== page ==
So I’m responding to yet another writing prompt in an attempt to get myself going on being productive. I’ve been impossibly uninspired lately, which has been frustrating. This response is a bit depressing as it’s from a very troubled character’s point of view. Anyhow, so here’s a little bit of a novel I’m currently in the progress of writing with this section written to fit the prompt.
Take a point in your story where a character is traveling, whether it’s a long or a short journey. Describe not only what your character sees, but also how it makes her feel, what it reminds him of, the emotions evoked.
A rather unexpected journey met me that day. I don’t really know how it started, only that I went to my car with my backpack, hopeful to escape the realities of the day. I slipped into the driver’s seat and I was off, driving down the road without a second thought.
For a spring day in Washington the weather cooperated beautifully, sun shining, only a few sprinkles here and there. A rainbow stretched above me, a distraction painted in the sky. And a reminder of renewal, divinity, and promises. I took it as a blessing for my journey and I drove on.
Time faded, blended together, became some unchanging entity as I passed little seaside towns, gazed out at the ocean I’d finally fixed my mind upon seeing on my Saturday trip. Blue. Beautiful calming blue.
It brought back old memories of different times. Of being fifteen and begging a sign. Of closed eyes filling with a different color than the traditional black but instead of cleansing azure, cerulean, sapphire, the deepest richest shades imaginable dancing there before my very eyes. A sign. A symbol. Blue.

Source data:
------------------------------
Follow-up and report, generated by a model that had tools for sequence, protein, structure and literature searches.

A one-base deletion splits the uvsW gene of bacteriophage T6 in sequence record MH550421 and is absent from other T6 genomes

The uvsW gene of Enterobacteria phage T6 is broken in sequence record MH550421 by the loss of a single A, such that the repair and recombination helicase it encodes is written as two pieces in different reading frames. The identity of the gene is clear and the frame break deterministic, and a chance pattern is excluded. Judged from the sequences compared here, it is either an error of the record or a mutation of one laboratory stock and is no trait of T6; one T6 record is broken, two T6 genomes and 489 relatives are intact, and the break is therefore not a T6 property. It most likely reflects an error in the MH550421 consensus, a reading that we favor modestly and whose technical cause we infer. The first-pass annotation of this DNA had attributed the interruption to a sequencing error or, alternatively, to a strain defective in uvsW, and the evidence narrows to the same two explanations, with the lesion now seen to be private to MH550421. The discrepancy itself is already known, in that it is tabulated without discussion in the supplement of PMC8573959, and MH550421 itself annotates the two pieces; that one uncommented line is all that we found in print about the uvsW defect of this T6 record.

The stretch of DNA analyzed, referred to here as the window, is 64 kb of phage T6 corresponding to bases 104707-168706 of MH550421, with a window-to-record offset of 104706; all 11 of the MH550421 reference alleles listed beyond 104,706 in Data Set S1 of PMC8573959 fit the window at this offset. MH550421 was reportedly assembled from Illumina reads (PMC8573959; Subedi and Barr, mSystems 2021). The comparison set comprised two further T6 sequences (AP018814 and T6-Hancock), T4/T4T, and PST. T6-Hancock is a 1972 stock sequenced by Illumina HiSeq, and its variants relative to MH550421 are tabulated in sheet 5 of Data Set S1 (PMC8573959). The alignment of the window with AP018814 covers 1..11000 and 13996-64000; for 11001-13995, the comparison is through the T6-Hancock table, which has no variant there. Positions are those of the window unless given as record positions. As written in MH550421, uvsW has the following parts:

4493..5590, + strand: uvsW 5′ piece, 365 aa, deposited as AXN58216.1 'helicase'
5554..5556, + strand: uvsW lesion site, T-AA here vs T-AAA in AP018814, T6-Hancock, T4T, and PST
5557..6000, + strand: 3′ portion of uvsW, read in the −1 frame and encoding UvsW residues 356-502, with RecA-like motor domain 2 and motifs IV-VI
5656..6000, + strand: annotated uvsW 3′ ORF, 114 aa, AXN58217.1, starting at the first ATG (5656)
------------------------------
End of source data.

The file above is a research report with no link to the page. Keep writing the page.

I pulled my eyes from the waves, not wanting to linger on these fleeting images of the past. After all, I’d been told doing too much of that was a poor idea. Then again I’d also been told not to drive anywhere by myself. Especially somewhere isolated. And here I was breaking that rule without a care in the world.
My driving came to a slow stop along a small rocky section of beach that didn’t appear to be private property, and yet didn’t seem to be highly popular either. I scanned the shore in either direction and saw no one. And so, I grabbed for my blanket and backpack, and set out to go sit on these lonely shores.
My gaze was drawn once more to the vast waters as I made a small safe place for myself. My little square of blanket on the rocky ground, a haven I’d invented, my hermit’s house, sitting on the rocky beach to look out upon the waters. I found the horizon let my eyes linger there. I had only been to the beach twice before on family vacations, but I remembered even then how I felt drawn to the water, as though the ebb and flow of the tide was dragging me in with it, pulling me out to sea.
A buzz from my phone interrupted me, and I looked down to see Brielle’s name flash across the screen, the urgency magnified somehow by the quietness of the scenery around me. I looked at it for a brief moment, then placed the obnoxious electronic back into my bag to ignore for later.
I pulled out the paper, began scribbling down my thoughts.